carbeurator

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  #1  
Old 07-04-03, 05:39 AM
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carbeurator

I just picked up a 1978 RV that has a Dodge 360 v8 engine. They just replaced the fuel pump because it was leaking, so I went to pick it up and I drove it home on the highway about 40 minutes with no problems. When in town, it began to run very rough and die every time i slowed down to idle. I'm thinking it is flooding out at idle and i'm wondering...are the fuel mixture screws the way I adjust this? Is the float maybe set wrong...it seems that would affect acceleration more than idle, am i wrong? it is a holley 2 bbl.

thanks!
 
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  #2  
Old 07-04-03, 05:43 AM
Joe_F
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It could have vapor lock...some vehicles are bad for that.

I would lean more to a carburetor rebuild. Change all the gaskets, choke pull off, choke thermostat and float with all new parts.

These 2 barrel Holleys are pesky stallers and leakers, so it will take a lot of time and patience to get it all straightened out.
 
  #3  
Old 07-04-03, 07:58 AM
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rebuild the carb, make sure the choke is working properly and there is a steel gas line running between the carb and the fuel filter, it has a 180 degree bend in it, take it off soak in gas or solvent then run a swab through it. You probably will not need your choke set up very well in the heat but when it gets colder it will be very important. If you rebuild the carb yourself, Haynes put's out a Holley book that is helpful. Also make sure the needle valve is changed. Good luck and Happy 4th to all.
 
  #4  
Old 07-05-03, 10:58 AM
morlock
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if it's flooding, I don't think it would be your idle, I'd say it is your float and it's sitting too low and not cutting it off fully. so as long as your giving it gas and using the gas that's in the bowl your fine, but when you stop, and the pump is still pumping it up into the bowl, it will start to come up through the overflow valve on the top of the carb and dump into the engine, so raise the float so it cuts off earlier. I had the same problem with my 67 mustang. I strongly suggest a rebuild, by a rebuild kit from your local parts store, follow all directions and specs for your carb and I would also buy a new brass float to replace the old foam one that way you don't get the flooding problem again from a float that won't cut off.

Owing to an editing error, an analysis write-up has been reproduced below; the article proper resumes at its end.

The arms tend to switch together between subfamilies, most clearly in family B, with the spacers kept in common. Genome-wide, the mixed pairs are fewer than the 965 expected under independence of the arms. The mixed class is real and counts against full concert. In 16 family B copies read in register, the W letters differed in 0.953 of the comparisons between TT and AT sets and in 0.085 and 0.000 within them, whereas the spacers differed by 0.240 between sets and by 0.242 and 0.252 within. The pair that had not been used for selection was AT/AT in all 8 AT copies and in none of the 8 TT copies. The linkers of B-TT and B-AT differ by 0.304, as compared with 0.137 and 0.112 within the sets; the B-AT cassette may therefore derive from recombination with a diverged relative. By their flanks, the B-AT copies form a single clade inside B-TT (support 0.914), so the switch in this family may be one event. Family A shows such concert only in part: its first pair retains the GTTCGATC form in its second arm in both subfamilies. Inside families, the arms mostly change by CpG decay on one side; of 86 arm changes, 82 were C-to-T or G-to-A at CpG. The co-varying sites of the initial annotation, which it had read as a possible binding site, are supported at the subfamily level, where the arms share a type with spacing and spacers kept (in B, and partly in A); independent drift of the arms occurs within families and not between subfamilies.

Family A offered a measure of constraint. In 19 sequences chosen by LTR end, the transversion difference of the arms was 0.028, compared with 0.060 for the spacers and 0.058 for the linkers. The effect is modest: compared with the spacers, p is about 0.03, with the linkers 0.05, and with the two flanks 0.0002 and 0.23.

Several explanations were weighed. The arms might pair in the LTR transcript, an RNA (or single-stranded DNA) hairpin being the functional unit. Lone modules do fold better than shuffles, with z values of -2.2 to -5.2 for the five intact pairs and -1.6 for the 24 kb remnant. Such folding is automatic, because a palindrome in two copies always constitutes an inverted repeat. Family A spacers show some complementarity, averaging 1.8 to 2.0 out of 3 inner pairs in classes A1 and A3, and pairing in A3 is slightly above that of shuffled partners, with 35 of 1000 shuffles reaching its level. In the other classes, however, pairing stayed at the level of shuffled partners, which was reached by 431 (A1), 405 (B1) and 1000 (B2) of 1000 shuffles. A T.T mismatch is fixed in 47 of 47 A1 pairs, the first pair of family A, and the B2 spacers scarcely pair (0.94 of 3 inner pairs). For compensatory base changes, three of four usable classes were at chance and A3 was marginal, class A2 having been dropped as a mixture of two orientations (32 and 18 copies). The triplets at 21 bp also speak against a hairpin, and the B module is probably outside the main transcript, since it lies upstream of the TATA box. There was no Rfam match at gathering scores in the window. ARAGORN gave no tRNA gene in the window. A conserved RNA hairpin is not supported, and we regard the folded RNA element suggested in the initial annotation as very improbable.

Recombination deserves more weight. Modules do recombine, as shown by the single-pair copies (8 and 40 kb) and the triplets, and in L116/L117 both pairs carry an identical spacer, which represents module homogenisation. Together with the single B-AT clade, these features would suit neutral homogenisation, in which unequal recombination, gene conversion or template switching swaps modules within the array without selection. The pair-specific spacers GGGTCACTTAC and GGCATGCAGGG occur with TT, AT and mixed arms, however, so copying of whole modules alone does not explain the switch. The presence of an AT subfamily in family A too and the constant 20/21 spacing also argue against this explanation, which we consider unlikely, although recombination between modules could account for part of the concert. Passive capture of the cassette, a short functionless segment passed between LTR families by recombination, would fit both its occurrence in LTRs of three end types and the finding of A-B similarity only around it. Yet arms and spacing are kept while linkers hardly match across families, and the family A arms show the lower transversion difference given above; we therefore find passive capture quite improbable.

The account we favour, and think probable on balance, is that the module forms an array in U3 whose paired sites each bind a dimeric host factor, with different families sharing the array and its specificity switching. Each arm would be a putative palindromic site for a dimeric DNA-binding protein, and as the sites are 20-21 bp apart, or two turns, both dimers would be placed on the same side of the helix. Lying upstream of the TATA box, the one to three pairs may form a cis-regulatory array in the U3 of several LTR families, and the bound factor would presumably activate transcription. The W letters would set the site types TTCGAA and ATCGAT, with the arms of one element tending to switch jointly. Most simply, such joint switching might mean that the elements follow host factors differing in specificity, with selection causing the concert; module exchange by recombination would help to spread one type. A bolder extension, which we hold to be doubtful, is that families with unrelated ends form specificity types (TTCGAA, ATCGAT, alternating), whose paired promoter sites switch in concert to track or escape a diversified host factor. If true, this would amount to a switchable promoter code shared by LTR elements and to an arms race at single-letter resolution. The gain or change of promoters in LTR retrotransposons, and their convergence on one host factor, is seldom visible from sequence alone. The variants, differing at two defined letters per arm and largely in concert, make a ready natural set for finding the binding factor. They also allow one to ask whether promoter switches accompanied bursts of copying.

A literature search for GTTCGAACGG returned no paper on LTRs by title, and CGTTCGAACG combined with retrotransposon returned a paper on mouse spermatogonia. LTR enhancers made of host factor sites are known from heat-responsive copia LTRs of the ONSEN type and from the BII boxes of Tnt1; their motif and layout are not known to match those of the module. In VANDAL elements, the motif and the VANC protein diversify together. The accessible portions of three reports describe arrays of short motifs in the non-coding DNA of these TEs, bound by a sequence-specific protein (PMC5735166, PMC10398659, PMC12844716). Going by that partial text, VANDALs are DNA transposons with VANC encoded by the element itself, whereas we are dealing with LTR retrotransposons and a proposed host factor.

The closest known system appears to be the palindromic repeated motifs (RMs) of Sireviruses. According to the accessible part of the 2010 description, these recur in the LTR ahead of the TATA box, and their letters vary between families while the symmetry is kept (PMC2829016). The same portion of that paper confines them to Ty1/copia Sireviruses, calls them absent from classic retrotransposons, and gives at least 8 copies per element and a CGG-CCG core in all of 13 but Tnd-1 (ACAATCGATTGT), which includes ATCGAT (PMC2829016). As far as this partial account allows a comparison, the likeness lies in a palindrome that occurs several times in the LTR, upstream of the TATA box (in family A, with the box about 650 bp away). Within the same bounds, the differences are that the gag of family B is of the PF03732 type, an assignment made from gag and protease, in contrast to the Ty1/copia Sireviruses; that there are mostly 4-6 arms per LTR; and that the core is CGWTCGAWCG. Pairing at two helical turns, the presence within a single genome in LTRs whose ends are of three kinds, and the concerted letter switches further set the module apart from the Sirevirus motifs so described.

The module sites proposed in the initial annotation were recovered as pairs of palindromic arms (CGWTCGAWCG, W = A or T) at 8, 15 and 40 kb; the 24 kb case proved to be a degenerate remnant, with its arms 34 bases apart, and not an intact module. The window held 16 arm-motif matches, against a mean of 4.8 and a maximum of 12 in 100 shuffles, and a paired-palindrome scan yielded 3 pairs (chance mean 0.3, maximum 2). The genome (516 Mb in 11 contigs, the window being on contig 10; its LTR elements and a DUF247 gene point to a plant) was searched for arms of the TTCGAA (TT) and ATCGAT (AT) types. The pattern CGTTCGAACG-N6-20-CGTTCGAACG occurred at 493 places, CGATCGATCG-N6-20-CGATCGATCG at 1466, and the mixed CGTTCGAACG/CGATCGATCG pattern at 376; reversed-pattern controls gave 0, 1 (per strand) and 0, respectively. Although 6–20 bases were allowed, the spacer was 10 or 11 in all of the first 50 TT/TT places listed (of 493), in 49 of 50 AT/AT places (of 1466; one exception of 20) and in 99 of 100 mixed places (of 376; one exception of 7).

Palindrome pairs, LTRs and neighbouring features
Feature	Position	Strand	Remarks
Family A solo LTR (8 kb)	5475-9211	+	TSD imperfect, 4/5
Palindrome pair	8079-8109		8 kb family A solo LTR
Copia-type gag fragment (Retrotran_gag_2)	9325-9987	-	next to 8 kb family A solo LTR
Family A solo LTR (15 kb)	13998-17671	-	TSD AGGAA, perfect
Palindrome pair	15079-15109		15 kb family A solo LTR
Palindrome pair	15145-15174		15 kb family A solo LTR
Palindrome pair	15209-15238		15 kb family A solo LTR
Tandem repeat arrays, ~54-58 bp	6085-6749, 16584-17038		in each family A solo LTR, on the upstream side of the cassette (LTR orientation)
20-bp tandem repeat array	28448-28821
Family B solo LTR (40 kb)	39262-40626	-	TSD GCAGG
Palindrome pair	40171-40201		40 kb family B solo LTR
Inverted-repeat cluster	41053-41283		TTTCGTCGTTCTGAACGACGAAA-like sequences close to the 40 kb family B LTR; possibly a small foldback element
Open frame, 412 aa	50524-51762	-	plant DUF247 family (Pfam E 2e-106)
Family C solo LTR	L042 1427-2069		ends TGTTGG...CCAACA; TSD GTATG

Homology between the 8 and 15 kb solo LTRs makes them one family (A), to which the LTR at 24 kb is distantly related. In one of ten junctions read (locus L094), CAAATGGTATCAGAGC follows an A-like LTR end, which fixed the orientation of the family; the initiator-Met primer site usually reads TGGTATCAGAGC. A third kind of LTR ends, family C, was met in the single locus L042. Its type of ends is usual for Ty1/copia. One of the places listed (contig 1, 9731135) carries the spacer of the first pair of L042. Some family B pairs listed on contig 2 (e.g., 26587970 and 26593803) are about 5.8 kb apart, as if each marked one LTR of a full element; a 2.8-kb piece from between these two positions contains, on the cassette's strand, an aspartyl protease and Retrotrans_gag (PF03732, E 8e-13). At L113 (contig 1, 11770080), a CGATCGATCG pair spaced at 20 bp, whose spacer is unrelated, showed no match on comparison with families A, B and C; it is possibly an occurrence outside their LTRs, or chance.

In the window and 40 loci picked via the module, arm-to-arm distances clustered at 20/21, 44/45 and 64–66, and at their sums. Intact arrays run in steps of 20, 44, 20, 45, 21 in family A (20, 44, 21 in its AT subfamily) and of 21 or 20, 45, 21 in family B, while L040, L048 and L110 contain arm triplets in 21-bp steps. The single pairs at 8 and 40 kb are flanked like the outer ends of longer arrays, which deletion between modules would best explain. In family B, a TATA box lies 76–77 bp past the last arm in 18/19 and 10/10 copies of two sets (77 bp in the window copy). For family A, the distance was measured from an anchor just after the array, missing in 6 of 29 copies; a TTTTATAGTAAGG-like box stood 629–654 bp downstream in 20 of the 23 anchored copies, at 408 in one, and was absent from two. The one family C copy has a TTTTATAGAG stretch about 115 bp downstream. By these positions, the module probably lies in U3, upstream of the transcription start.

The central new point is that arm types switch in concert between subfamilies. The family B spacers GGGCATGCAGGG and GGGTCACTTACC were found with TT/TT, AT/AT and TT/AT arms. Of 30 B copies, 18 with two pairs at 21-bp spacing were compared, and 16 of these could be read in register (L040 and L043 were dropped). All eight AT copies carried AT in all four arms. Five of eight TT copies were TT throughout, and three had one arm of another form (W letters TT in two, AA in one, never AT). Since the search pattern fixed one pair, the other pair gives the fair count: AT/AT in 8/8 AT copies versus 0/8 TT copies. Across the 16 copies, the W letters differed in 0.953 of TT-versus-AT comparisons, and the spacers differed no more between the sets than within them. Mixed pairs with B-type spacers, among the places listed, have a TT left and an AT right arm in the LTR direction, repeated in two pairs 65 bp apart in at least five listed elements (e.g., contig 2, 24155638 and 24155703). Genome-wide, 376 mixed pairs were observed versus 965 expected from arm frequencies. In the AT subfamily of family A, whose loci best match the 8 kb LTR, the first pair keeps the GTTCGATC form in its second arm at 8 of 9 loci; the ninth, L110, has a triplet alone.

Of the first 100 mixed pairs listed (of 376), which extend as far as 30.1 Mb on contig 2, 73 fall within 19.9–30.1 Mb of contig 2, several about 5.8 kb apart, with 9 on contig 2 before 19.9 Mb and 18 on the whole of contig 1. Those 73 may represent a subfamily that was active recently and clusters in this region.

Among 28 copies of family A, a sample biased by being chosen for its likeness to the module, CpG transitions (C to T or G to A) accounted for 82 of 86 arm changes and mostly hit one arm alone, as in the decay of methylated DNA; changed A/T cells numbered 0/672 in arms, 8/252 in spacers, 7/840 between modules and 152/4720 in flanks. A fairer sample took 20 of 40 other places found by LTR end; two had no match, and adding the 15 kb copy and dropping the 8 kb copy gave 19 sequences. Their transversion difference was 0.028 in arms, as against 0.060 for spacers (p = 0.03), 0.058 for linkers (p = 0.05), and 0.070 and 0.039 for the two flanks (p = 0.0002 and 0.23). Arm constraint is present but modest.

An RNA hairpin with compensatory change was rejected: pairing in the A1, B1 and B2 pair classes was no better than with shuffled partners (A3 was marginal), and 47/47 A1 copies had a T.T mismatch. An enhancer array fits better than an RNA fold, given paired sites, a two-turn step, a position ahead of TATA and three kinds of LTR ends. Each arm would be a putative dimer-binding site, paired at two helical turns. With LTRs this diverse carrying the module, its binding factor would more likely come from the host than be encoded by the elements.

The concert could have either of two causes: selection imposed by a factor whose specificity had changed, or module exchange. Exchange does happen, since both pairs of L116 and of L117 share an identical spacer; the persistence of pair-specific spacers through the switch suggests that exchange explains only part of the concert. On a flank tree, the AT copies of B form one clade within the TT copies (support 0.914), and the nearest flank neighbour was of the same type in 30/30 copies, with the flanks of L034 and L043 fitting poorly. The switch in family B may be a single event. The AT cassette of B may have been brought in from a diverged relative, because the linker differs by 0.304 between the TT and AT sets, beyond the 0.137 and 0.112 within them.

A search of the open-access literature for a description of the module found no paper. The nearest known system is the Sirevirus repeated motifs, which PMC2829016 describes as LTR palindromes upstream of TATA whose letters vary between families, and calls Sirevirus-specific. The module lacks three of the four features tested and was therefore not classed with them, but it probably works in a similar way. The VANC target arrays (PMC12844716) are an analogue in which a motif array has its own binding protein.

#5  
Old 07-05-03, 12:11 PM
Joe_F
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Brass floats versus nitrophyl:

Stick with whatever the OEM material is. Brass floats leak at the solder joints and take on fuel as well. Always pitch the float when doing a carburetor rebuild to avoid doing it twice. Most floats cost under $15.
 
  #6  
Old 07-06-03, 04:54 AM
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Thanks for the responses. I'm going to put on a rebuilt carburetor rather than rebuild it myself. I'll let you know how it works out.
 
  #7  
Old 07-06-03, 06:37 AM
knuckles
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Arrow

Buy a genuine Holley Reman. carb or have yours rebuilt by a local rebuilder.

Some of the generic "white box" reman carbs. are absolute junk & end up causing more problems than they solve.
 
  #8  
Old 07-06-03, 07:26 AM
Joe_F
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Thumbs up

Correct, not to mention you can get any core/unit that "fits".

I have seen 1981 carburetors in those white boxes cataloged for 1982 and up applications on GM. The metering rods and contol parts are totally different between '81 and '82. It will "work", but not without a lot of adjustment and frustration.

Knuckles is 110% correct. Preference is to keep your original unit and have it rebuilt.
 
  #9  
Old 07-06-03, 07:41 PM
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Thumbs up

Thanks again. Yes, I had a Holley unit ordered but since it wasn't going to be in until tuesday, i decided to mess around with this one. I determined it had a couple of problems...the needle valve on the float was sticking just a very tiny bit, and the choke pulloff unit has a slight vacuum leak. With cleaning and a float re-adjustment, I got it to run. The choke pulloff works ok with a new vacuum line, but doesn't completely pull the choke open until the engine is very hot. Since the temp here is close to 100 degrees anyway, I want it to fully open. I'm going to call Holley and see about a rebuild kit from them.I'll also order the pulloff unit and I'm pretty sure I'll be set. Thanks to all for steering me in the right direction!
 
  #10  
Old 07-07-03, 03:31 AM
Joe_F
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You can order all the needed parts from any auto parts store. Just take the carburetor ID # with you. It is usually a # like R1001 or R1001A.

It is eiher stamped on the air horn or on the base. Sometimes it says "List #". That # will help the parts store get you the right parts.
 
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